ABSTRACT

The Teaching of Criminal Law provides the first considered discussion of the pedagogy that should inform the teaching of criminal law. It originates from a survey of criminal law courses in different parts of the English-speaking world which showed significant similarity across countries and over time. It also showed that many aspects of substantive law are neglected. This prompted the question of whether any real consideration had been given to criminal law course design. This book seeks to provide a critical mass of thought on how to secure an understanding of substantive criminal law, by examining the course content that best illustrates the thought process of a criminal lawyer, by presenting innovative approaches for securing active learning by students, and by demonstrating how criminal law can secure other worthwhile graduate attributes by introducing wider contexts.

This edited collection brings together contributions from academic teachers of criminal law from Australia, New Zealand, the United Kingdom, and Ireland who have considered issues of course design and often implemented them. Together, they examine several innovative approaches to the teaching of criminal law that have been adopted in a number of law schools around the world, both in teaching methodology and substantive content. The authors offer numerous suggestions for the design of a criminal law course that will ensure students gain useful insights into criminal law and its role in society.

This book helps fill the gap in research into criminal law pedagogy and demonstrates that there are alternative ways of delivering this core part of the law degree. As such, this book will be of key interest to researchers, academics and lecturers in the fields of criminal law, pedagogy and teaching methods.

chapter 1|20 pages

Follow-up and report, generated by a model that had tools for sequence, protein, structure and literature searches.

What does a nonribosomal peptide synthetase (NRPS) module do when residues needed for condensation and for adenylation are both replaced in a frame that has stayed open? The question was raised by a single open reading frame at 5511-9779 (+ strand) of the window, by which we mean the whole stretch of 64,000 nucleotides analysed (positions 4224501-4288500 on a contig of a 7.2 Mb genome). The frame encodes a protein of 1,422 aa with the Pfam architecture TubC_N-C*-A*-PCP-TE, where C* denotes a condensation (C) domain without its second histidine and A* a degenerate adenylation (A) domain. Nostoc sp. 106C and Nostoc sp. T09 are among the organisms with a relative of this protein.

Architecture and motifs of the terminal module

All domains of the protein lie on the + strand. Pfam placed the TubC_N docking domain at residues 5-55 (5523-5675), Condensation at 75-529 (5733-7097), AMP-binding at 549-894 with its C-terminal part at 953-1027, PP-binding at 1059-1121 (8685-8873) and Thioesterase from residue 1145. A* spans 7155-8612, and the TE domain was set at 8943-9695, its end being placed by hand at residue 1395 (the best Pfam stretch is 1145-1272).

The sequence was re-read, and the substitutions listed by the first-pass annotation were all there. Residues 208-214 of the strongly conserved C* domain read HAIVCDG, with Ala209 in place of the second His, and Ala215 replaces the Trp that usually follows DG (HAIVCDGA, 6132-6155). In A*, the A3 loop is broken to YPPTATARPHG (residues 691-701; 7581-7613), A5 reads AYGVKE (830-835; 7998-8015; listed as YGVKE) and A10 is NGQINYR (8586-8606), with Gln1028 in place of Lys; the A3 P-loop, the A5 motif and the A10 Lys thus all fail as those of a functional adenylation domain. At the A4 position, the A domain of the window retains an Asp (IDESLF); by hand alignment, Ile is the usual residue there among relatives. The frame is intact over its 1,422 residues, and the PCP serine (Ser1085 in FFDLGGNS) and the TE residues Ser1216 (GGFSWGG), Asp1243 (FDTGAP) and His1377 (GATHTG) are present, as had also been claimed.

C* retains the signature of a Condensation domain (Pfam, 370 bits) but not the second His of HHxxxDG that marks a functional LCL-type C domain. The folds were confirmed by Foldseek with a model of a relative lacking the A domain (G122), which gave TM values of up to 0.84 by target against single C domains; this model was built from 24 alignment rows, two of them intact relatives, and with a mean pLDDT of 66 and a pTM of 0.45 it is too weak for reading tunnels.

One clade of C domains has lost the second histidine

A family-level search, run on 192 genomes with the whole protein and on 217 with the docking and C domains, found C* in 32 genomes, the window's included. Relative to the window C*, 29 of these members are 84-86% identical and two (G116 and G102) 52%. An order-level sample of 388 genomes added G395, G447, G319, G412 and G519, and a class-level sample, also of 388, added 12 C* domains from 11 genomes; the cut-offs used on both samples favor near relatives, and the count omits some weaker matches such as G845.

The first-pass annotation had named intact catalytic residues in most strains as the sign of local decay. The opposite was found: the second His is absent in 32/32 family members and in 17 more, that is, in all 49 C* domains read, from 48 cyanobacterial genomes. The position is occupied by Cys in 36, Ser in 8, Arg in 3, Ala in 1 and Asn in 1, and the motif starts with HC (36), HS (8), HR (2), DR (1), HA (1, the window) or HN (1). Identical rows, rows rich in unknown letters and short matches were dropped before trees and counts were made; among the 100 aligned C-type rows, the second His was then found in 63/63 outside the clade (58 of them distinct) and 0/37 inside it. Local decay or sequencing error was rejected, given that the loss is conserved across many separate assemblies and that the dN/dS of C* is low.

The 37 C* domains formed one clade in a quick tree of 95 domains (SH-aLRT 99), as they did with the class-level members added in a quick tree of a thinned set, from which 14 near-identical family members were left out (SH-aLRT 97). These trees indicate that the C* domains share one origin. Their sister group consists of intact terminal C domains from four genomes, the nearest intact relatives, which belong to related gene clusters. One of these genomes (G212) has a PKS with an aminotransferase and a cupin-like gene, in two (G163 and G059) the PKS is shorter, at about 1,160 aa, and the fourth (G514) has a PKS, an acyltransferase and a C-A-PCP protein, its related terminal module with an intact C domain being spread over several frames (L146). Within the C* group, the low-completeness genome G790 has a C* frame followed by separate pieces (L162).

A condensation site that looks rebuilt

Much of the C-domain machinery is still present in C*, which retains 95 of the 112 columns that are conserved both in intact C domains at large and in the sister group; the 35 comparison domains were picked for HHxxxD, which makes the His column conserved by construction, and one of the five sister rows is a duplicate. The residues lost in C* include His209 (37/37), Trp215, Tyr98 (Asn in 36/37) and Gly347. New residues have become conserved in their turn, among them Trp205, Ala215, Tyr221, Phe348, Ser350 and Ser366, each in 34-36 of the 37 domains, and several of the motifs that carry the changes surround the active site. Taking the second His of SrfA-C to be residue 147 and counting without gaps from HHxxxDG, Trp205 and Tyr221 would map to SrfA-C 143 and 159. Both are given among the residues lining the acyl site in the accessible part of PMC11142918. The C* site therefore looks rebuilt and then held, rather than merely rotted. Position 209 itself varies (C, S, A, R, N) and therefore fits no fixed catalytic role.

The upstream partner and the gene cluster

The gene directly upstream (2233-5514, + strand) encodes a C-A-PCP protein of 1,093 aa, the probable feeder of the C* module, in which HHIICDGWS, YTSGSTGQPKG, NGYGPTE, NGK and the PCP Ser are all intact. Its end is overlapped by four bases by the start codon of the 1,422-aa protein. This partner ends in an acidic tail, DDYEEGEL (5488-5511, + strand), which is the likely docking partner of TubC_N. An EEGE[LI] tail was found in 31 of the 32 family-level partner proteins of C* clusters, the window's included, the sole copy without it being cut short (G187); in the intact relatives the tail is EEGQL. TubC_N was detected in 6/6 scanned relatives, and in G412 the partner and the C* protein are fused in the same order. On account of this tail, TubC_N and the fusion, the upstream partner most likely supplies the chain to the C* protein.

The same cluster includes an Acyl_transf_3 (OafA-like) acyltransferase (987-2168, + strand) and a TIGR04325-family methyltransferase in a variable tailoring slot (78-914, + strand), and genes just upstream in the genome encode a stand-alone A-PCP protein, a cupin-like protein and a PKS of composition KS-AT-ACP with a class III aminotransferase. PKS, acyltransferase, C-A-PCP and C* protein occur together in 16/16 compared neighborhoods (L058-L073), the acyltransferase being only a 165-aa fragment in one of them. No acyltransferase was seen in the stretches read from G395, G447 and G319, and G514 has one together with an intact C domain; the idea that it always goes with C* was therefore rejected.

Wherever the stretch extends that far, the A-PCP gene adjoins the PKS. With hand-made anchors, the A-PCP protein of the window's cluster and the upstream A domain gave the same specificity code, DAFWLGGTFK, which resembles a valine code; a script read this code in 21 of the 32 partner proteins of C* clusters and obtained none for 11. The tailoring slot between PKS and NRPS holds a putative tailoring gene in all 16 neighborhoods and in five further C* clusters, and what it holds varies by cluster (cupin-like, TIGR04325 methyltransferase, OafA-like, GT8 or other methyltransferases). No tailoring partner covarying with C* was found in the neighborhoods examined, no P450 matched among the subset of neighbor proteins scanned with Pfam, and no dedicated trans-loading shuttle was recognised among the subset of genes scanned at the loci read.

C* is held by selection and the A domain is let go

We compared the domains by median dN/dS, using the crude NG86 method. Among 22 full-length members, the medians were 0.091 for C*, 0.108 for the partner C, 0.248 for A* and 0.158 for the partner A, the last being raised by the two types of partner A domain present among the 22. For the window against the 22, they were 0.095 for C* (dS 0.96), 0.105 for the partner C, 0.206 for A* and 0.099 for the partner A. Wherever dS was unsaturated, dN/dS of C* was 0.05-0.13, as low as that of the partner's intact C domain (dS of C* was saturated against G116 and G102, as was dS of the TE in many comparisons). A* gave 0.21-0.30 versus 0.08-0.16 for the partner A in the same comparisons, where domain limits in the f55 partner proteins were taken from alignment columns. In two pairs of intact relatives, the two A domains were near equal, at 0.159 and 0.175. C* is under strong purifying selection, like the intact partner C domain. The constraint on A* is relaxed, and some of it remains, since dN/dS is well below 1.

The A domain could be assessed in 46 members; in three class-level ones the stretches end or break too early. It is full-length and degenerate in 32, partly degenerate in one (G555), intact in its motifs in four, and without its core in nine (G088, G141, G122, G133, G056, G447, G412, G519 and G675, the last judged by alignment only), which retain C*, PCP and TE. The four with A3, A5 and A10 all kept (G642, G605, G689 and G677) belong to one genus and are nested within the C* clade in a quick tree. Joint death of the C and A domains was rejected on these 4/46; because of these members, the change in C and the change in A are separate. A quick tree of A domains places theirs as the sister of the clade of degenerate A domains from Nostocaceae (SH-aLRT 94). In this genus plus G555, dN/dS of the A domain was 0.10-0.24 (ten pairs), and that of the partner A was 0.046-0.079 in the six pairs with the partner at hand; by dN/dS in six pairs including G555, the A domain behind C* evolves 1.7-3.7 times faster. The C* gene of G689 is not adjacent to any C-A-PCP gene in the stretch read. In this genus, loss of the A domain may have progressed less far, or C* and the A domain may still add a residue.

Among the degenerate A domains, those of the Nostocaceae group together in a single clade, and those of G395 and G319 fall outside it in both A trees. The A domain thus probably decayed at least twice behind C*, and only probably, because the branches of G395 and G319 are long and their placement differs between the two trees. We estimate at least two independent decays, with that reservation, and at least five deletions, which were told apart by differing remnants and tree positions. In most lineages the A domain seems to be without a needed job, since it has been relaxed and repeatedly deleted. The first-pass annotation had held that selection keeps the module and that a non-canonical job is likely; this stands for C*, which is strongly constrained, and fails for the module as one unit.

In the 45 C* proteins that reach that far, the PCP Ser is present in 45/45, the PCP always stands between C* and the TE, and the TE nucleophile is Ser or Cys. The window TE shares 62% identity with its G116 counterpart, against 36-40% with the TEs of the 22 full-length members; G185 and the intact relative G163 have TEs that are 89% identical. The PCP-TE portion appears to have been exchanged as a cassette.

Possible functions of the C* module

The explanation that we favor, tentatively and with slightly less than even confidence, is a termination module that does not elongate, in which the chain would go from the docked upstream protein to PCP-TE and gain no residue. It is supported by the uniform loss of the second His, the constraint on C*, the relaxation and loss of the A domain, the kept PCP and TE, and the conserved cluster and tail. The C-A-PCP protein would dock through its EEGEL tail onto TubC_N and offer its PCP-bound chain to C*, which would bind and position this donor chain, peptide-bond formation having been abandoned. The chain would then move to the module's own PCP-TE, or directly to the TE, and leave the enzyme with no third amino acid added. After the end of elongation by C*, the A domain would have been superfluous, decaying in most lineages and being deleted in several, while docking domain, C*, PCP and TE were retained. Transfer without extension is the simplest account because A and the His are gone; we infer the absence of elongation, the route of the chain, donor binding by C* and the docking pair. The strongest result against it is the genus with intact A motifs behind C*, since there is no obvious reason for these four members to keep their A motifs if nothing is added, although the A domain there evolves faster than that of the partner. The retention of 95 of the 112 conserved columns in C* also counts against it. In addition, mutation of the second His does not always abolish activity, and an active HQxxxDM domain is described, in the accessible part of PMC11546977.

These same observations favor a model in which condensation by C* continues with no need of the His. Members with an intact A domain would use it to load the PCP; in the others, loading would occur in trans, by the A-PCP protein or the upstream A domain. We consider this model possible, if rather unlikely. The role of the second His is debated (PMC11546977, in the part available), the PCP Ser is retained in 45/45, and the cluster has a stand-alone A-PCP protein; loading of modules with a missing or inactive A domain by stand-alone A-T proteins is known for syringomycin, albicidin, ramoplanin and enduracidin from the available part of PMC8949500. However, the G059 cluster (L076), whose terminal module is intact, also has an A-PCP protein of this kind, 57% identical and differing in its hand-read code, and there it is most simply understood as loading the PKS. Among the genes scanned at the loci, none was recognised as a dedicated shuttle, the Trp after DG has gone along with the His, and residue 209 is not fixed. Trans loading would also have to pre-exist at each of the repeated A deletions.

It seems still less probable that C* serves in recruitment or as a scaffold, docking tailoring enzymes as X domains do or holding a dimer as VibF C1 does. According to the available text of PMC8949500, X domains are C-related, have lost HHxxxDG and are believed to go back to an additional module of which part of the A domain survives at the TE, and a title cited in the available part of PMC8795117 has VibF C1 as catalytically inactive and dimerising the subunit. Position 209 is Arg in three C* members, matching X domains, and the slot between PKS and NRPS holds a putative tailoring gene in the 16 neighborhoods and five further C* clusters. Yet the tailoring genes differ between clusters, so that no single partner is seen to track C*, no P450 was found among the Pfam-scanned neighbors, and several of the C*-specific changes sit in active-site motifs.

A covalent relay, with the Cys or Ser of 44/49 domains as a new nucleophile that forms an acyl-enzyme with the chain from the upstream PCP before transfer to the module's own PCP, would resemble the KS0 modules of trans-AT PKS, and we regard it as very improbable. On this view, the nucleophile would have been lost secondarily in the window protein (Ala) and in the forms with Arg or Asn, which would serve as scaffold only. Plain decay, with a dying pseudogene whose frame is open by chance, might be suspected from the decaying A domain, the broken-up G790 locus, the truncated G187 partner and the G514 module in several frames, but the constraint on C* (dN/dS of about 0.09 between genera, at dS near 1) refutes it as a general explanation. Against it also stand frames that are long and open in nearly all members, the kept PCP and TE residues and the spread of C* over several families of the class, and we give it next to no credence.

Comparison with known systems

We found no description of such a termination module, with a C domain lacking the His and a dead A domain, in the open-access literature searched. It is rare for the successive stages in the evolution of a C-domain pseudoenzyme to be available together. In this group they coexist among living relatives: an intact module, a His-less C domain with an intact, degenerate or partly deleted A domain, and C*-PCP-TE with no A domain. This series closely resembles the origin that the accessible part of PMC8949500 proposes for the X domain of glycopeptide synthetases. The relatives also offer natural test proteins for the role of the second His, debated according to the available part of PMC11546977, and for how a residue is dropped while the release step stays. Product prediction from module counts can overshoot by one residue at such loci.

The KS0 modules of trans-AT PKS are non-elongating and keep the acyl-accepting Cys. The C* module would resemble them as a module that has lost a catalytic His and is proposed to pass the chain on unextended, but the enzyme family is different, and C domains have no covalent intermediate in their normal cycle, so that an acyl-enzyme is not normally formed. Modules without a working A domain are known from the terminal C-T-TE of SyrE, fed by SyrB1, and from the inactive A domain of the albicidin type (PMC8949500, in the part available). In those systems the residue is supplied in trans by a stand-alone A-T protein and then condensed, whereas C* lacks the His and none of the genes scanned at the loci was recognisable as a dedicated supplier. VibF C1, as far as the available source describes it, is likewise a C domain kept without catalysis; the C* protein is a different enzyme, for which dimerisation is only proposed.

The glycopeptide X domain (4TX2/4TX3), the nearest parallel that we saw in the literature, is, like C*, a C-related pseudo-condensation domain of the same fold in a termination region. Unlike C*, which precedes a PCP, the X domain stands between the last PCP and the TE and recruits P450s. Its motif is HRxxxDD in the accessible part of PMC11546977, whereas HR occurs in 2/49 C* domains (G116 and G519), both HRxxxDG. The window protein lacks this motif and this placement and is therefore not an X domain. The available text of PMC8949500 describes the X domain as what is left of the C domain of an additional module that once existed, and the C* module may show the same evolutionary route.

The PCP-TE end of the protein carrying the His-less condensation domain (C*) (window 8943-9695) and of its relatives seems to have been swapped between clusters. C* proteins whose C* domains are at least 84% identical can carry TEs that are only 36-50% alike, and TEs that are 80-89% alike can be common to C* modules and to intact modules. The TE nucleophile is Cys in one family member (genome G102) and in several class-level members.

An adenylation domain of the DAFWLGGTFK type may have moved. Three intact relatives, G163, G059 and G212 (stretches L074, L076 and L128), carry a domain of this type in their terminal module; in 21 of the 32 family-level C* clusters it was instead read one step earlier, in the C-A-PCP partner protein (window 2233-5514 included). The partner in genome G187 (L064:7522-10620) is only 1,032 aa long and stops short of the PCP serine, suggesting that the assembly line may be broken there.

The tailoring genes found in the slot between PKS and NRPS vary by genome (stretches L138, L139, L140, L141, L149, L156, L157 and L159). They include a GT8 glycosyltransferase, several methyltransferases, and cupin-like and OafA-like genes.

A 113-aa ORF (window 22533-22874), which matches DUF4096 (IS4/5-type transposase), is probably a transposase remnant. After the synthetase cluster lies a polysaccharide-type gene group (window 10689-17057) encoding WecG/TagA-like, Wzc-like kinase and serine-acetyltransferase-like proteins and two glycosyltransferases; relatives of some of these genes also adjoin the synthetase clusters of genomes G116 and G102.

Introduction

ByKris Gledhill, Ben Livings

chapter 2|13 pages

Building block or stumbling block? Teaching actus reus and mens rea in criminal law

ByFiona Donson, Catherine O’Sullivan

chapter 3|12 pages

Teaching the elements of crimes

ByJohn Child

chapter 4|14 pages

Enhancing interactivity in the teaching of criminal law

Using response technology in the lecture theatre
ByKevin J. Brown, Colin R. G. Murray

chapter 5|12 pages

Using problem-based learning to enhance the study of criminal law

ByBen Fitzpatrick

chapter 6|11 pages

Turning criminal law upside down

ByJo Boylan-Kemp, Rebecca Huxley-Binns

chapter 7|10 pages

Criminal law pedagogy and the Australian state codes

ByThomas Crofts, Stella Tarrant

chapter 8|11 pages

Teaching criminal law as statutory interpretation

ByJeremy Gans

chapter 9|12 pages

Shaking the foundations

Criminal law as a means of critiquing the assumptions of the centrality of doctrine in law
ByAlex Steel

chapter 10|11 pages

The challenges and benefits of integrating criminal law, litigation and evidence

ByAdam Jackson, Kevin Kerrigan

chapter 11|12 pages

‘Crime and the criminal process’

Challenging traditions, breaking boundaries
ByPhil Scraton, John Stannard

chapter 12|12 pages

Context and connection

ByBen Livings

chapter 13|11 pages

Teaching and learning criminal law ‘in context’

Taking ‘context’ seriously
ByArlie Loughnan

chapter 16|9 pages

Choice

ByKris Gledhill

chapter 17|12 pages

The absence of regulatory crime from the criminal law curriculum

ByShane Kilcommins, Susan Leahy, Eimear Spain

chapter 18|4 pages

Conclusion

Looking to the future
ByKris Gledhill, Ben Livings